Can Trump Deal with North Korea and China?
For years, Americans have misunderstood the nuclear threat from North Korea, misjudging how to address it. They have also misunderstood the bilateral trade deficits with China, overestimating their importance. Today, as President Donald Trump threatens new trade barriers against China, on which the United States must depend to help rein in an increasingly dangerous North Korea, these two issues have become closely connected. Yet US officials seem no closer to figuring them out.
The stakes obviously are much higher regarding North Korea, with US-South Korean joint military exercises this week aggravating already-high tensions. If the US and North Korea do get into a military confrontation, there is a real risk that nuclear weapons will be used. Even a conventional war would likely be catastrophic.
Trade is relevant to the North Korean nuclear challenge, because strict economic sanctions by China – potentially including a halt in oil supplies – are probably the world’s best bet for stopping the North’s nuclear program (in exchange for certain security guarantees from the US). Trump may well understand this. But he apparently believes that he can use US trade with China as a bargaining chip to secure its help in dealing with North Korea. This is the wrong approach.
Trump’s approach to governance – characterized by an unprecedented lack of interest in rules, principles, alliances, and institutions – is sometimes described as transactional. Justifications of that approach typically focus on Trump’s business background, which supposedly makes him the dealmaker the US needs. In fact, Trump’s behavior reflects a lack of regard for some of the most elementary requirements for successful negotiation.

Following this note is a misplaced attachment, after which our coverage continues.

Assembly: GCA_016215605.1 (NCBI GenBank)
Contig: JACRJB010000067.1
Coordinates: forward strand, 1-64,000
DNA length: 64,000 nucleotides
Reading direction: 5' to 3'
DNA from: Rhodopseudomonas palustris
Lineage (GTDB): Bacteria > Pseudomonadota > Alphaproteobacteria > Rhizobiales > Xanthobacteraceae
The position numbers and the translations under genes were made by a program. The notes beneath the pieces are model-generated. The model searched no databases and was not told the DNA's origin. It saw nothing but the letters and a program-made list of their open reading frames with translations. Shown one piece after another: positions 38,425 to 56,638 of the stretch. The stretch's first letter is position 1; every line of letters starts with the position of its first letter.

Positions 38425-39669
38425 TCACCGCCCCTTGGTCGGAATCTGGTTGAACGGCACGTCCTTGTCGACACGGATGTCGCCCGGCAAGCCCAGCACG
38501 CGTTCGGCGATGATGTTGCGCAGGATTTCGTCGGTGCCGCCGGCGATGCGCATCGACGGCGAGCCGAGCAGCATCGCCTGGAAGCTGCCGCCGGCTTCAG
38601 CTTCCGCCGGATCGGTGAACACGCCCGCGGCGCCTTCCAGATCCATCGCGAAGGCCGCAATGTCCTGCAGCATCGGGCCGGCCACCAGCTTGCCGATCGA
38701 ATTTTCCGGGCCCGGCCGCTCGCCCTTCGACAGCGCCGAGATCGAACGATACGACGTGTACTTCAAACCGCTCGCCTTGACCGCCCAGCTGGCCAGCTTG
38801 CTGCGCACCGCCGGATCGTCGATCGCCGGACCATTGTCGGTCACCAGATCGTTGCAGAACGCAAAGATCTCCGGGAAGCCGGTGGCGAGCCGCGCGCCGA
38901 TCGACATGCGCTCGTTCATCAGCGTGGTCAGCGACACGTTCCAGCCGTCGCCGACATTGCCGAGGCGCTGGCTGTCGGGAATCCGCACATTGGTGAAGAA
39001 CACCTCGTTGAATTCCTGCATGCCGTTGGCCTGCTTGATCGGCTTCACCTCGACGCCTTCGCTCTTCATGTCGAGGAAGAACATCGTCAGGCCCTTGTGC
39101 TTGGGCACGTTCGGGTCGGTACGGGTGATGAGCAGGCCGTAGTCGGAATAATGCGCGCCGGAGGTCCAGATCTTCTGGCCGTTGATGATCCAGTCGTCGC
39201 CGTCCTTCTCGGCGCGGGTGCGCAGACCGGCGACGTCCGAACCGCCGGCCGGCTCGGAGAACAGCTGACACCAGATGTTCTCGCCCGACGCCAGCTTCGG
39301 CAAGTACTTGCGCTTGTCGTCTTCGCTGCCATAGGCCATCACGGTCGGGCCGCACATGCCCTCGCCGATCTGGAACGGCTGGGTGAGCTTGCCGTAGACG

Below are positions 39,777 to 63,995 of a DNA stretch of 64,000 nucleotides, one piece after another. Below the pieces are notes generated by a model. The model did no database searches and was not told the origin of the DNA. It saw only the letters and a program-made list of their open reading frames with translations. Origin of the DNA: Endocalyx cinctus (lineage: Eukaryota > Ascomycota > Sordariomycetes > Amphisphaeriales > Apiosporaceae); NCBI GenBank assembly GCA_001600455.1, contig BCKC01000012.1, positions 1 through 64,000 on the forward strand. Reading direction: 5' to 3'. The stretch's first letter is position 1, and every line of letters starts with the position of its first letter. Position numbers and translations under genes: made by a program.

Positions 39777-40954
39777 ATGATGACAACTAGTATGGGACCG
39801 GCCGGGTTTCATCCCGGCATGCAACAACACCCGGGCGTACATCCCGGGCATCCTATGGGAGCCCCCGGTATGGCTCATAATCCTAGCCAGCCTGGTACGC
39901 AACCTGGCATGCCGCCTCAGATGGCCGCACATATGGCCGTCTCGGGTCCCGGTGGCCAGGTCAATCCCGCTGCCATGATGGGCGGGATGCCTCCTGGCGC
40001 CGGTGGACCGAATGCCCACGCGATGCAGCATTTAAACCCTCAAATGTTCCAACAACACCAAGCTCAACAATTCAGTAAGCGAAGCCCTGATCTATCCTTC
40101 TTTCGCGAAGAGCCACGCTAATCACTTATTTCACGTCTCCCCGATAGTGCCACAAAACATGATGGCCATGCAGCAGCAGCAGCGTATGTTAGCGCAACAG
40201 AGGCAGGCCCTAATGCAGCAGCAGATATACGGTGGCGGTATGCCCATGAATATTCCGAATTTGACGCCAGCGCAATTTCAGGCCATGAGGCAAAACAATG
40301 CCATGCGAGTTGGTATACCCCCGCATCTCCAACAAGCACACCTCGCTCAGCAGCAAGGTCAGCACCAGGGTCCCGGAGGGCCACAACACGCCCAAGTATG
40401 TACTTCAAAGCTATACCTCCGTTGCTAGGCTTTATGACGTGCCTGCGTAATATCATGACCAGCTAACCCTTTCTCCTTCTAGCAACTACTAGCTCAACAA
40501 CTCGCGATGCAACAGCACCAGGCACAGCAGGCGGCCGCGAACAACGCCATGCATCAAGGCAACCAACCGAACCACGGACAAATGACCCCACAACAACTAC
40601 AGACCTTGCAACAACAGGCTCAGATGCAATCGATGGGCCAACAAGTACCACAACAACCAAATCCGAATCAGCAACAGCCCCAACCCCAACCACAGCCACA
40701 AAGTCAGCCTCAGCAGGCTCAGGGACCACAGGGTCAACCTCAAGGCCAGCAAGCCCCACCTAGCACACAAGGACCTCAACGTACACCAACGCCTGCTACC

A skillful negotiator knows that one must look at the game from the other player’s viewpoint, in order to determine which outcomes they may view as favorable, and find common ground. Moreover, concluding a deal requires credibility with respect to both inducements and punishments.
Trump’s attempts at bargaining with China reflect a failure on both fronts. From China’s perspective, a nuclear-armed North Korea is undesirable, but still less problematic than the potential breakdown of order in the country, which could produce an influx of refugees into China and bring American troops closer to China’s border. Against this background, erratic US trade threats are not the way to convince China to apply pressure on its troublesome ally.
Instead, the US, along with South Korea, should promise that, if Chinese-backed sanctions did cause the North Korean regime to collapse, China would not be confronted either by US troops north of the 38th parallel or by a unified, nuclear-armed Korean Peninsula. In the shorter term, the US and South Korea should offer to pause the deployment of America’s Terminal High Altitude Area Defense (THAAD) system in South Korea, if China adopts and enforces additional sanctions on the North.
But credibility on the part of the US president is needed to make this – or any – strategy work. Unfortunately, Trump’s statements – whether about the past, the present, or the future – are often out of touch with reality. On the North Korean nuclear issue alone, he has shown a remarkable lack of consistency, credibility, and follow-through.